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Kirby v. North Carolina State University

United States District Court, E.D. North Carolina, Western Division

March 10, 2015

KENDA R. KIRBY, Plaintiff,
v.
NORTH CAROLINA STATE UNIVERSITY, Defendant.

ORDER

LOUISE W. FLANAGAN, District Judge.

This matter is before the court on defendant North Carolina State University's ("NCSU") motion to dismiss, pursuant to Federal Rules of Civil Procedure 12(b)(1), 12(b)(2), and 12(b)(6) (DE 15). Pursuant to 28 U.S.C. § 636(b)(1) and Federal Rule of Civil Procedure 72(b), United States Magistrate Judge James E. Gates entered a memorandum and recommendation ("M&R") wherein it is recommended that defendant's motion be granted. Plaintiff has filed objections to the M&R, and the deadline for defendant's response has passed. In this posture, the issues raised are ripe for ruling. For the reasons stated below, the court adopts the recommendation in the M&R and grants NCSU's motion to dismiss.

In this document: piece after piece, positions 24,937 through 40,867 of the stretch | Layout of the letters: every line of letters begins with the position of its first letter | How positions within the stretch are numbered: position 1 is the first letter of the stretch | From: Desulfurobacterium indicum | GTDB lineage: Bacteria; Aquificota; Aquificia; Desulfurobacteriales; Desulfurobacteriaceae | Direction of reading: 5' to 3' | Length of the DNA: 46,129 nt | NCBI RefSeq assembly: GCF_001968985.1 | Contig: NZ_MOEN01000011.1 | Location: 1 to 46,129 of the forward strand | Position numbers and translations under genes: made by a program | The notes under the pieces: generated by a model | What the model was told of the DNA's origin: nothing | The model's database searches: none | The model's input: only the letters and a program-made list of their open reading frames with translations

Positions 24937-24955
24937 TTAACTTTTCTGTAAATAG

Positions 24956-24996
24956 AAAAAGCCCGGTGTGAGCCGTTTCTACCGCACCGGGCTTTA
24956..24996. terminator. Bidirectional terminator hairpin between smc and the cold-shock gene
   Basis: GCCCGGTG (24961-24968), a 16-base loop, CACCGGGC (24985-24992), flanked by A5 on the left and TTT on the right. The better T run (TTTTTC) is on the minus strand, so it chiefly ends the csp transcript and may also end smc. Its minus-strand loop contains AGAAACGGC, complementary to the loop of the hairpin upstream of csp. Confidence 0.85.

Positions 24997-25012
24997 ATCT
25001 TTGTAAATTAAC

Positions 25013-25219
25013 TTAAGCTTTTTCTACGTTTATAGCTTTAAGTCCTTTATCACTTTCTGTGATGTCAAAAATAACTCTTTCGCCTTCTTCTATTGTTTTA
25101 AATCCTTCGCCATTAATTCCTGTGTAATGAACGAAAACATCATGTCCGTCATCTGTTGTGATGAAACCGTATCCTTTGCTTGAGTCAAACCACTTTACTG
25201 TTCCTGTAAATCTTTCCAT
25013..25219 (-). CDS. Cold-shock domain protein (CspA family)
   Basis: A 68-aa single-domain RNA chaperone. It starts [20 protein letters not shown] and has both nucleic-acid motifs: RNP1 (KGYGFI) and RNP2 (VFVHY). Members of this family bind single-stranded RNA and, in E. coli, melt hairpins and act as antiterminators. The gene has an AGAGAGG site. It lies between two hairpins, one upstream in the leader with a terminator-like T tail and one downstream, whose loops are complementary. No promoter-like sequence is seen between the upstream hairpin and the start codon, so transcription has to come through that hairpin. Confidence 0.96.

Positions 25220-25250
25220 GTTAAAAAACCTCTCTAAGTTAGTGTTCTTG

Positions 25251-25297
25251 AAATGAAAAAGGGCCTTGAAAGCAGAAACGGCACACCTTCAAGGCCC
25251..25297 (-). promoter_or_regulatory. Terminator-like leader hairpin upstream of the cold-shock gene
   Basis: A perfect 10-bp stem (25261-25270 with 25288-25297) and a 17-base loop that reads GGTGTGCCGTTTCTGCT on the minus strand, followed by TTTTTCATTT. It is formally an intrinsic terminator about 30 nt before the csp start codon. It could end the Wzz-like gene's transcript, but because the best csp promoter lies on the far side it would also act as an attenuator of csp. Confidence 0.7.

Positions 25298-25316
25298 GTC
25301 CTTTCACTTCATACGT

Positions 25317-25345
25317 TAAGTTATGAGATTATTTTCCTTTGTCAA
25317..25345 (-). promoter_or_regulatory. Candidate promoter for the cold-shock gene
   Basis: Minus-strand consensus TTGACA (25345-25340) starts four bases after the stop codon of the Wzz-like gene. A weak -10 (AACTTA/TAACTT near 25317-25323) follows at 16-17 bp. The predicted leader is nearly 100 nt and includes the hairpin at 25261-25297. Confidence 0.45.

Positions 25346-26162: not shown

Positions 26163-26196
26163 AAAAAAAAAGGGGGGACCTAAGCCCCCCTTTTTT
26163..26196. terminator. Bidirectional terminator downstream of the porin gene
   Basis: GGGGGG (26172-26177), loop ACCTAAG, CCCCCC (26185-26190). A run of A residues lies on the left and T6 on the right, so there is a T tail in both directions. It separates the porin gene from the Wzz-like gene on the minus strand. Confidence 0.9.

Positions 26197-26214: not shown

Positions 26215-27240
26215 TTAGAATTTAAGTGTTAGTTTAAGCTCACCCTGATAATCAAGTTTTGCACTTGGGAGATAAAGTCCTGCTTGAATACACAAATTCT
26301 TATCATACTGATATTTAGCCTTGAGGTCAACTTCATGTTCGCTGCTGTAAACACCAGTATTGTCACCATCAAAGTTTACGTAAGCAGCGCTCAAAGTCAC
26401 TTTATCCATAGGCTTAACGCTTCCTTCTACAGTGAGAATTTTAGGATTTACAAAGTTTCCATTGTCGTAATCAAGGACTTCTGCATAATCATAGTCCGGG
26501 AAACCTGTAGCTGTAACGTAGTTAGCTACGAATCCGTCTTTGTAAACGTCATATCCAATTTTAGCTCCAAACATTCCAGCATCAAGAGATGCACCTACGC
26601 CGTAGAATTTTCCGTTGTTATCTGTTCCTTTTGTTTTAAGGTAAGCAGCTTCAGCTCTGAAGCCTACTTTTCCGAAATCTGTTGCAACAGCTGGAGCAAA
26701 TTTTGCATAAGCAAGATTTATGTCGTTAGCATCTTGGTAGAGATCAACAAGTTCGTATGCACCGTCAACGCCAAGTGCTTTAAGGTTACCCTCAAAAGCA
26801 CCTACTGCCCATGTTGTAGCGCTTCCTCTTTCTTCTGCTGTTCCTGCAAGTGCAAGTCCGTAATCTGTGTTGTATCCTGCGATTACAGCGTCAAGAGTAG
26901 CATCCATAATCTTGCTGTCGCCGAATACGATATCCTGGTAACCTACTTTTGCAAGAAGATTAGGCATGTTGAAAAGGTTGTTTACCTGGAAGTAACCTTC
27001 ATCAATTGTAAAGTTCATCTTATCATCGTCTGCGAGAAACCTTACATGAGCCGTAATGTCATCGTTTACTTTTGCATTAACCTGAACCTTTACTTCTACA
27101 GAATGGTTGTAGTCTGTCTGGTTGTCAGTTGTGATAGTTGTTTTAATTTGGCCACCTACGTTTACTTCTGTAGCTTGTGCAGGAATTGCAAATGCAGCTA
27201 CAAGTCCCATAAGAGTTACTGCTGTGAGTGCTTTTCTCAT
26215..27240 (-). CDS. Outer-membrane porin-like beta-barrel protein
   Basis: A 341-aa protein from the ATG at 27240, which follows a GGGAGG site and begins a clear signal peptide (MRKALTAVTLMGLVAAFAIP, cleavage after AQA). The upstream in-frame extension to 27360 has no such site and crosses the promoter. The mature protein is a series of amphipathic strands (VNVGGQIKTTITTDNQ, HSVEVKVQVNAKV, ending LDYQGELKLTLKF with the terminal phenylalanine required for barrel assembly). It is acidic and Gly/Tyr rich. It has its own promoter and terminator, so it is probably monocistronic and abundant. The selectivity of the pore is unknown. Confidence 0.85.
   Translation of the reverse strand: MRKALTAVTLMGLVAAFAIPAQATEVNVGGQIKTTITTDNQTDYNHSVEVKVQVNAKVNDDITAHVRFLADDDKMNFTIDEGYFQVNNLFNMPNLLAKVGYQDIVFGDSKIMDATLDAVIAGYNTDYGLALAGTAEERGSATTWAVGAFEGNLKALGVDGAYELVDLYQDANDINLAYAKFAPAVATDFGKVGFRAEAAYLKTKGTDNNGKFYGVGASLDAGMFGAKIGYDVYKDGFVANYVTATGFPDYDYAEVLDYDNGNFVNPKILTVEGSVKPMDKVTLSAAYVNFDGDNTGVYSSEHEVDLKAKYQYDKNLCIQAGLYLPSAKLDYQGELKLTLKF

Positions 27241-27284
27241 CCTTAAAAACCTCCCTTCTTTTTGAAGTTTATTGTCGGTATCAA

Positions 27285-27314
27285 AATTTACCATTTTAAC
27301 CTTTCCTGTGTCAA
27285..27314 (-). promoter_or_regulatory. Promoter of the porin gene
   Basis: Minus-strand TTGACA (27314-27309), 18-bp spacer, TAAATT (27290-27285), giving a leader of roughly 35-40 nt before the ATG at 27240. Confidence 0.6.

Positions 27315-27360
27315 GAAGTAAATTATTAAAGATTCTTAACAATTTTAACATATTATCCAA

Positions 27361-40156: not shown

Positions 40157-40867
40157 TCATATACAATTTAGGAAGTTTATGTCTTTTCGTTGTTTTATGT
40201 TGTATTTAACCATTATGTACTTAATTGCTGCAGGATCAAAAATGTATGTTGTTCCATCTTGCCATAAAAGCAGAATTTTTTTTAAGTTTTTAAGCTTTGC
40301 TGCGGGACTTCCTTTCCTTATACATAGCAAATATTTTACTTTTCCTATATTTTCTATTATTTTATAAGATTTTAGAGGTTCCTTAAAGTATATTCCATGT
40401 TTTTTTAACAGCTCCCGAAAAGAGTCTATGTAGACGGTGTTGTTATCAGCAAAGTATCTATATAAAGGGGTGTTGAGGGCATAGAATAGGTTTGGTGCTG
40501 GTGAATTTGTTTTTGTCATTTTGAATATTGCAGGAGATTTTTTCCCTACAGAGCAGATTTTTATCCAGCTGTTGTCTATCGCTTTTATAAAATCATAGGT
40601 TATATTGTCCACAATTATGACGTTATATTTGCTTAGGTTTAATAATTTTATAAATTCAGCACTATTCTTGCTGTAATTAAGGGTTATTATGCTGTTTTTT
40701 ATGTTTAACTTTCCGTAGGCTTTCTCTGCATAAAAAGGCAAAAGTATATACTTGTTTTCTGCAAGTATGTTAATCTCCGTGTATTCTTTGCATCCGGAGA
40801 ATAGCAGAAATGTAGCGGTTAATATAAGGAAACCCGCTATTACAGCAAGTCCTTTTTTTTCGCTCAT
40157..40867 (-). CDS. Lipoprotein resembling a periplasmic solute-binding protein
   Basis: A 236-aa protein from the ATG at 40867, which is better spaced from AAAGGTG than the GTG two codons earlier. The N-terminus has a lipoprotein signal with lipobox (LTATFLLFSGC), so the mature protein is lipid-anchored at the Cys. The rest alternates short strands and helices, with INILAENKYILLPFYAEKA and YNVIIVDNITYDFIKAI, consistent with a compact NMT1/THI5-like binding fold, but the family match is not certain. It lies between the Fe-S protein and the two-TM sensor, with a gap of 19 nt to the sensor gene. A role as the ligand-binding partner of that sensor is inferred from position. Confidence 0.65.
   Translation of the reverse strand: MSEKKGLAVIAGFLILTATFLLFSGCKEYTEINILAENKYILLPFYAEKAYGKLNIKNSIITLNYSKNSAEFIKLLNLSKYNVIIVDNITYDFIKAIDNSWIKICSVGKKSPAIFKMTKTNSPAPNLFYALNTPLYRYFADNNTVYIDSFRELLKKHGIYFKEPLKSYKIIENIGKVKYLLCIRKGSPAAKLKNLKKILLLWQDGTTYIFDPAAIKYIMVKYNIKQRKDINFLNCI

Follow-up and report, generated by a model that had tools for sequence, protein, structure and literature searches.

BACKGROUND

Plaintiff commenced this action on December 13, 2013, by filing a motion for leave to proceed in forma pauperis, attaching a copy of her proposed complaint. The motion was denied by order dated December 16, 2013, and plaintiff paid her filing fee and filed her complaint January 13, 2014. NCSU filed its motion to dismiss on April 8, 2014, arguing that the court lacked jurisdiction over it because it was an instrumentality of North Carolina protected by the Eleventh Amendment of the United States Constitution, and that the action was barred by the statute of limitations.

The M&R issued January 23, 2015. The M&R construed plaintiff's complaint as raising claims for violation of the First Amendment and equal protection and due process clauses of the Fourteenth Amendment of the United States Constitution, pursuant to 42 U.S.C. § 1983; conspiracy to violate civil rights pursuant to 42 U.S.C. § 1985; breach of contract; defamation; and intentional infliction of emotional distress. The M&R recommends dismissal of plaintiff's claims because defendant is entitled to sovereign immunity under the Eleventh Amendment of the United States Constitution.